Top 10 Most Dangerous Jobs of 2018

March 20, 2018
A look at the most dangerous occupations in the U.S., as measured by fatal work injury rate.

One of the most common ways to measure the dangerousness of an occupation is by the total number of fatalities in a year. Going by that metric, truck drivers and material moving occupations are at the top of the list, with 1,388 fatal injuries in 2016, according to recent data compiled by the Bureau of Labor Statistics. In fact, that number is up 7% over the previous year, the highest it's been since 2007, and all told fatalities among drivers accounts for more than one-quarter of all work-related fatalities in the U.S. Little surprise, then, how much attention is being given to the development of autonomous vehicles and intelligent highway projects.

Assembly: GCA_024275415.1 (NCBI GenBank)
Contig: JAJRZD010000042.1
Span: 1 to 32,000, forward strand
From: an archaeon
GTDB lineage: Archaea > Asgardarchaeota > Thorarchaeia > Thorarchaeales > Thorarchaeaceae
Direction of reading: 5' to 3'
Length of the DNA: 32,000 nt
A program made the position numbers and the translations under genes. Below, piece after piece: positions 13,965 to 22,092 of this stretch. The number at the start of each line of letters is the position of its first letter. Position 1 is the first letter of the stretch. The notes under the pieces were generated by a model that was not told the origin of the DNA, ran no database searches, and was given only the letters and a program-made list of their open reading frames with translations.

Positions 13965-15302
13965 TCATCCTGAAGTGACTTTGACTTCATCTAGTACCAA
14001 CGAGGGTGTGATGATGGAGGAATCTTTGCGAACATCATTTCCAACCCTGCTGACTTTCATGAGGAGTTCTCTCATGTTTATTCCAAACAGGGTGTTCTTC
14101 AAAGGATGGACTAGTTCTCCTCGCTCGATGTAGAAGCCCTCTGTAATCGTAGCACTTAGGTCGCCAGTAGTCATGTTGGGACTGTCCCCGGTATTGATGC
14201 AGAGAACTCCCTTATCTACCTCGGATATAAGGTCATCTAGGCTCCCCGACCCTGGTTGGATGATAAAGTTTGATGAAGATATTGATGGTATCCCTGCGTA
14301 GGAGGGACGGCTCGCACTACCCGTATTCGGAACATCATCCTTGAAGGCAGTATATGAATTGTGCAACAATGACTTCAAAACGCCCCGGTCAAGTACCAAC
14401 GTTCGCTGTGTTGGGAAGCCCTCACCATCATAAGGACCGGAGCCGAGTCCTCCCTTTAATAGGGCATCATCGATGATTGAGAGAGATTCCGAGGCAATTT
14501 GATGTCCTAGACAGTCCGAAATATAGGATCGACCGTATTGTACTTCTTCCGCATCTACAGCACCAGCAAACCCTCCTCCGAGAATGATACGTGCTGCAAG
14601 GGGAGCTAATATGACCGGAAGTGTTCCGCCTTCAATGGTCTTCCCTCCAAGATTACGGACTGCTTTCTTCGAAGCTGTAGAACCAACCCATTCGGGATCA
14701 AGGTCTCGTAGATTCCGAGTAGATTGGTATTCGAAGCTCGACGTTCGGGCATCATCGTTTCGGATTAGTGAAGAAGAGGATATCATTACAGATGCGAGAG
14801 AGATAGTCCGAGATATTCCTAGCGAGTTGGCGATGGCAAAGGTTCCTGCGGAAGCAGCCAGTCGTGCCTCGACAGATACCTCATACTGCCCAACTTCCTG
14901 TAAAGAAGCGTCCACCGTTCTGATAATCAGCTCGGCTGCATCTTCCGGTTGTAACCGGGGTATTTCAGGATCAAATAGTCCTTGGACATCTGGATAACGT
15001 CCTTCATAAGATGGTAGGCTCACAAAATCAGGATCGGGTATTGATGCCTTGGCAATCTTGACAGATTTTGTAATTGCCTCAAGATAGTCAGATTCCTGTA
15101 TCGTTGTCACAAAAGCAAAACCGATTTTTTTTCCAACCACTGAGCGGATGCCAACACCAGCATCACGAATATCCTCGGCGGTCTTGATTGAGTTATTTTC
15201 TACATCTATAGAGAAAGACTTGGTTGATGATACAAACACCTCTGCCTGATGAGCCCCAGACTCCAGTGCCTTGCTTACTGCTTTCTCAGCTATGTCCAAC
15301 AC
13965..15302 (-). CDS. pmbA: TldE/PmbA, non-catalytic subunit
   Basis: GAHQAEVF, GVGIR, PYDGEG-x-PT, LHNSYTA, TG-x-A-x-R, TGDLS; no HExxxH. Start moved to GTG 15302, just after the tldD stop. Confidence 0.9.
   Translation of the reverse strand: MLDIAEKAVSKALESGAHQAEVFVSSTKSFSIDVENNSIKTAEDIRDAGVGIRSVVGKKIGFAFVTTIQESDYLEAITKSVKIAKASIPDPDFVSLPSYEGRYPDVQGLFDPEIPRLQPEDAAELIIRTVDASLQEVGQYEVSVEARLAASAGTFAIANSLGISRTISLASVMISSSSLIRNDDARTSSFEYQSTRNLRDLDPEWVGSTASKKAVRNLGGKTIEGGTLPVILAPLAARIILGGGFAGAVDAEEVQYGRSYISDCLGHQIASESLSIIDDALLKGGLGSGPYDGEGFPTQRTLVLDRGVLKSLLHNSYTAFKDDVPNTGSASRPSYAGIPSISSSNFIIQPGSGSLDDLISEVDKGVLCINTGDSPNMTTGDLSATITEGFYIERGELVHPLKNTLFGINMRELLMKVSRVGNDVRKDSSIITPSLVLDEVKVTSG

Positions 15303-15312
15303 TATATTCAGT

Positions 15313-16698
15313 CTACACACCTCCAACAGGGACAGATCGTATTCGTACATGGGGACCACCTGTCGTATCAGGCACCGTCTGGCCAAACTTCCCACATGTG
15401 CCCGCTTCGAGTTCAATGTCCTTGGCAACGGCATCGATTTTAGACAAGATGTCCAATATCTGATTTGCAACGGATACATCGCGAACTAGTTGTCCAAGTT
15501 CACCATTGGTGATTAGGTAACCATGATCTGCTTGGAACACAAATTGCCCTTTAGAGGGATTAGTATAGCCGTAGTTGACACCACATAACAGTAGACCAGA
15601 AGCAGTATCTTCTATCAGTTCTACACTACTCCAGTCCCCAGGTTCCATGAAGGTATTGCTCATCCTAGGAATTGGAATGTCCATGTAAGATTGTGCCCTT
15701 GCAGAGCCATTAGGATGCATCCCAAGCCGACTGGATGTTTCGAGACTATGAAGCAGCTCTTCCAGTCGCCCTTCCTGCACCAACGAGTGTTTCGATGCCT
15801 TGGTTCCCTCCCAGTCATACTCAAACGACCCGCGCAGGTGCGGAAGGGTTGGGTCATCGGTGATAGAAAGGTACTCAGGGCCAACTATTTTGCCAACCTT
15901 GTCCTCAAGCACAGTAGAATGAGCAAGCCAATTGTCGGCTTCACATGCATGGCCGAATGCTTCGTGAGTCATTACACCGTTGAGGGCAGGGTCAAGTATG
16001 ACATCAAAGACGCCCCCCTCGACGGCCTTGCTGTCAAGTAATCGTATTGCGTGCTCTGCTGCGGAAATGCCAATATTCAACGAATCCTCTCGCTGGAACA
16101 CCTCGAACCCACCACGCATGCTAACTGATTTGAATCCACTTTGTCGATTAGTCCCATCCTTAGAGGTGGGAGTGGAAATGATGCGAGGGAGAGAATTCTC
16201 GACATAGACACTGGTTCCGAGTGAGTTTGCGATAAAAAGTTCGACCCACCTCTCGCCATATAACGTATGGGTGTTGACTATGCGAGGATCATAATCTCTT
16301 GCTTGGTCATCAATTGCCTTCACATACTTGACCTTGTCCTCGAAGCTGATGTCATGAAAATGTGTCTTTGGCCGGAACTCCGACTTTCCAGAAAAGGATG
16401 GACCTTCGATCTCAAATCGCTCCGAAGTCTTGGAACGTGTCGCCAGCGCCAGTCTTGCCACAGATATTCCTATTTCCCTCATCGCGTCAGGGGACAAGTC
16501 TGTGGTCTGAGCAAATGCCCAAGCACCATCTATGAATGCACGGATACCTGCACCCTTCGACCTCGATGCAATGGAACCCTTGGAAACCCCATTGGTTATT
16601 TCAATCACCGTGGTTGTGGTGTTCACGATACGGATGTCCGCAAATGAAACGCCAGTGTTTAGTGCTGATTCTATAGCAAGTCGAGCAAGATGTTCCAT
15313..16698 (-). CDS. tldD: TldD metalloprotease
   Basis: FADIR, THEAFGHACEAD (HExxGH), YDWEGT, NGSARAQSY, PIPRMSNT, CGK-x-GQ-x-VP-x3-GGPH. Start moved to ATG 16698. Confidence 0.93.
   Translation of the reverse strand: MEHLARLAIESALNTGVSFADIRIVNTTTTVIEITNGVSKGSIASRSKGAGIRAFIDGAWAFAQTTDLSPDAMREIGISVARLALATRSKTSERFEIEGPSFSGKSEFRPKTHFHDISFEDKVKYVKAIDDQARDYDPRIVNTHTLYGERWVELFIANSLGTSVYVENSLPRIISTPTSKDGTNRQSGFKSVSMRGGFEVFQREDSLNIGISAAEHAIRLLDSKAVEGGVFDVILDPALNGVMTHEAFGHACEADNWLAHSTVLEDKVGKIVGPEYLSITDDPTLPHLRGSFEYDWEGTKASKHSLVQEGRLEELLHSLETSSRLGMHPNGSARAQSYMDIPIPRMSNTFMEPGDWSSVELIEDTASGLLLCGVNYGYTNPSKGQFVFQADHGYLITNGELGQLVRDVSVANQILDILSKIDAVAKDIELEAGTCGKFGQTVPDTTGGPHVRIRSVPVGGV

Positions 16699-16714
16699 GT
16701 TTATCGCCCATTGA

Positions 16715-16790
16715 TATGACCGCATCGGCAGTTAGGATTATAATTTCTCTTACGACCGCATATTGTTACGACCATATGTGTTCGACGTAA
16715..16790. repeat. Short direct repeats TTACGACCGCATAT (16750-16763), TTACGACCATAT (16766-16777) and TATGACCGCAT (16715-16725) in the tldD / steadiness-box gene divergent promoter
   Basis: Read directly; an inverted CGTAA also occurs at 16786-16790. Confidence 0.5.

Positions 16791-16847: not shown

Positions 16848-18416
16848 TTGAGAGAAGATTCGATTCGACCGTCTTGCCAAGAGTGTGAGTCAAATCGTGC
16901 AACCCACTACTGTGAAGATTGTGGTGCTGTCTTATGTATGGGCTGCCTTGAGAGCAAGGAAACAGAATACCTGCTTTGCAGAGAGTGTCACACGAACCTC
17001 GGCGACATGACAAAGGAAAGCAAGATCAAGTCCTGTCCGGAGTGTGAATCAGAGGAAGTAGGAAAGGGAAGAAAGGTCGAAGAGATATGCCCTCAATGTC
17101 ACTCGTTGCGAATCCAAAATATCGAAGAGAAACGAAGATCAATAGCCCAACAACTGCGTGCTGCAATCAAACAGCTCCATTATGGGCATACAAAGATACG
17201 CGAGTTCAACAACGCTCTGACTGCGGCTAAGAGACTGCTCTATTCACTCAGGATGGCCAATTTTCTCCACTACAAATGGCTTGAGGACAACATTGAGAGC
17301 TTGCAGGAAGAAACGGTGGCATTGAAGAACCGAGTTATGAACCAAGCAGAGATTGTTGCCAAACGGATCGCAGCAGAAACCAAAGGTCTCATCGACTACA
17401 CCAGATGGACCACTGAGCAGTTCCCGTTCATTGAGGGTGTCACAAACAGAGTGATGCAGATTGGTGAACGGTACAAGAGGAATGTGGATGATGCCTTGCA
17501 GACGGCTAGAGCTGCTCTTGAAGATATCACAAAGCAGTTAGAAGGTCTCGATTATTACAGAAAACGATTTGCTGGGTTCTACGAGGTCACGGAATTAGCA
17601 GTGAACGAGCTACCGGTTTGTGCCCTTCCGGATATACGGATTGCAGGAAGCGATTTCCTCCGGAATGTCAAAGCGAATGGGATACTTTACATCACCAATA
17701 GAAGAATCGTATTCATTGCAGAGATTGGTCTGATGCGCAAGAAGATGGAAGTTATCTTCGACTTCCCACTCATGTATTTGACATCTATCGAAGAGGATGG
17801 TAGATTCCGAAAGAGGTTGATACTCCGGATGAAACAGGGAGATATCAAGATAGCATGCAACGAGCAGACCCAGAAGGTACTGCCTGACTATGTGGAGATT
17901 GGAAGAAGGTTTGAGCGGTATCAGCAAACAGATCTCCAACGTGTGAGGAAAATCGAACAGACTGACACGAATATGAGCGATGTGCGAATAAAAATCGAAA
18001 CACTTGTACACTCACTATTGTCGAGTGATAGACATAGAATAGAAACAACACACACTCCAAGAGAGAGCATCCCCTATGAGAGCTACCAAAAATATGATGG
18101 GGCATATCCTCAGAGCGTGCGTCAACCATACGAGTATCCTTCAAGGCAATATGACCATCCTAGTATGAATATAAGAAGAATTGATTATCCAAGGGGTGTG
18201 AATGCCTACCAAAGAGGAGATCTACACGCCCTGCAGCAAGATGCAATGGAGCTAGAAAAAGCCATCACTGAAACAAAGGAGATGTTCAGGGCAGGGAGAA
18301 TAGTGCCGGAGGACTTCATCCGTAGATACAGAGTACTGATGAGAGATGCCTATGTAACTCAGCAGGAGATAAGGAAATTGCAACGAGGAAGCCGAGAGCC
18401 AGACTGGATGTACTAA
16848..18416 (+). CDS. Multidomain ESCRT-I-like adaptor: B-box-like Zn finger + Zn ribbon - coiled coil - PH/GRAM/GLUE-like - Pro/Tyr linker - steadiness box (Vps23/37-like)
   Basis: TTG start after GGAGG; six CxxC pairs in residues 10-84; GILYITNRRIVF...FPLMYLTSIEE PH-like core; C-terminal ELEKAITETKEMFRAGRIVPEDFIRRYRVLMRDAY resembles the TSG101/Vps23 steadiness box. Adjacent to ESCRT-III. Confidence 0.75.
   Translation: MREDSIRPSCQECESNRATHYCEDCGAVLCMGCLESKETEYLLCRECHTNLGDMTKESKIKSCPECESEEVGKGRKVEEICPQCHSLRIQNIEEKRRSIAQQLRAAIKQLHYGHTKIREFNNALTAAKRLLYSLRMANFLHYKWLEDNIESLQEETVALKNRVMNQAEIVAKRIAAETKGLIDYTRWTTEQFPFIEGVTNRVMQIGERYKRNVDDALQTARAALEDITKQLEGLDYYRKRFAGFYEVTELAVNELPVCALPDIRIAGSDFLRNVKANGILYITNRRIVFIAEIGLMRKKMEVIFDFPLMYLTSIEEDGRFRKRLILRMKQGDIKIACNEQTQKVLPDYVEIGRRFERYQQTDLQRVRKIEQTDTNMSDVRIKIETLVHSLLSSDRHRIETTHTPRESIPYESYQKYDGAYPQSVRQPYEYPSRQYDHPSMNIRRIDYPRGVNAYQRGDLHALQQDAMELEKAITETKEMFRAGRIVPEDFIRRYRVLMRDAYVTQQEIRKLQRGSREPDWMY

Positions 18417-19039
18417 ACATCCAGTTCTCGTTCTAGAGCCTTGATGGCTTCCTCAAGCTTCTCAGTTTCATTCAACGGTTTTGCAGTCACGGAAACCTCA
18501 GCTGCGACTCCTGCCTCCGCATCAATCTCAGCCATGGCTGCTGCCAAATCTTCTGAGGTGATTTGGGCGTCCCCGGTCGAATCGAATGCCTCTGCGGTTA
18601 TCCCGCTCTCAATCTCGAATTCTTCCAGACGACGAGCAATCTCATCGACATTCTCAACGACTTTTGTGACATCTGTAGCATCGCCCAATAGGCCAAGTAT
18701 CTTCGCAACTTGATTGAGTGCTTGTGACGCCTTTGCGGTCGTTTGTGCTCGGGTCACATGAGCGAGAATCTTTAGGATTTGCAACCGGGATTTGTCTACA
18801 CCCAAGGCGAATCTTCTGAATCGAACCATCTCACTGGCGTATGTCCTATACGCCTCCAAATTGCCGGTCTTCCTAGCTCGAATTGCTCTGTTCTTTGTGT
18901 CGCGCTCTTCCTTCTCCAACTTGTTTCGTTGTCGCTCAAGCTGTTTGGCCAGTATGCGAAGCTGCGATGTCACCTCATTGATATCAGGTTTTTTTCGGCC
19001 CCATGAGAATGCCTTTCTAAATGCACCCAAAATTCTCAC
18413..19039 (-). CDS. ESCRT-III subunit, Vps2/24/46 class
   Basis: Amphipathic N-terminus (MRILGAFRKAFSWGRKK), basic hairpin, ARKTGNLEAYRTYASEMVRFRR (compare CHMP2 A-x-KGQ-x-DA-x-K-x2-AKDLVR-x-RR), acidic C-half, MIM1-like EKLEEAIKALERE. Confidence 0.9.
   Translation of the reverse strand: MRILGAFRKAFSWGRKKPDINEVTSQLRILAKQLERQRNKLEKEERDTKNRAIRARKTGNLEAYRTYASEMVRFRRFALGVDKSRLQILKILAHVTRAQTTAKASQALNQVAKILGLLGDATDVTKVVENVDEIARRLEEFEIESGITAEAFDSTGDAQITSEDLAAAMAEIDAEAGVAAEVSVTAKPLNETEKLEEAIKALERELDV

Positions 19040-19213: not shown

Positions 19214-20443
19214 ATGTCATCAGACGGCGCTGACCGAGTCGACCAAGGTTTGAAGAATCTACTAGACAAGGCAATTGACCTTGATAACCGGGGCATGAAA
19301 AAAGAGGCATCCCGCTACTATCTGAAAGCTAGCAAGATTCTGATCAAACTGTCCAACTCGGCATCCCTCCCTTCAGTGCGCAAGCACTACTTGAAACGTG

However, another metric provided by the BLS offers a different perspective on the overall danger factor of a job: fatal work injury rate, calculated per 100,000 full-time equivalent workers. So any occupation with a higher percentage of its workers suffering fatal injuries would end up being higher on the list than drivers. It's not an enviable list to be on, there's no doubt about that.

This slideshow offers a look at the 10 most dangerous occupations, according to fatal work injury rate.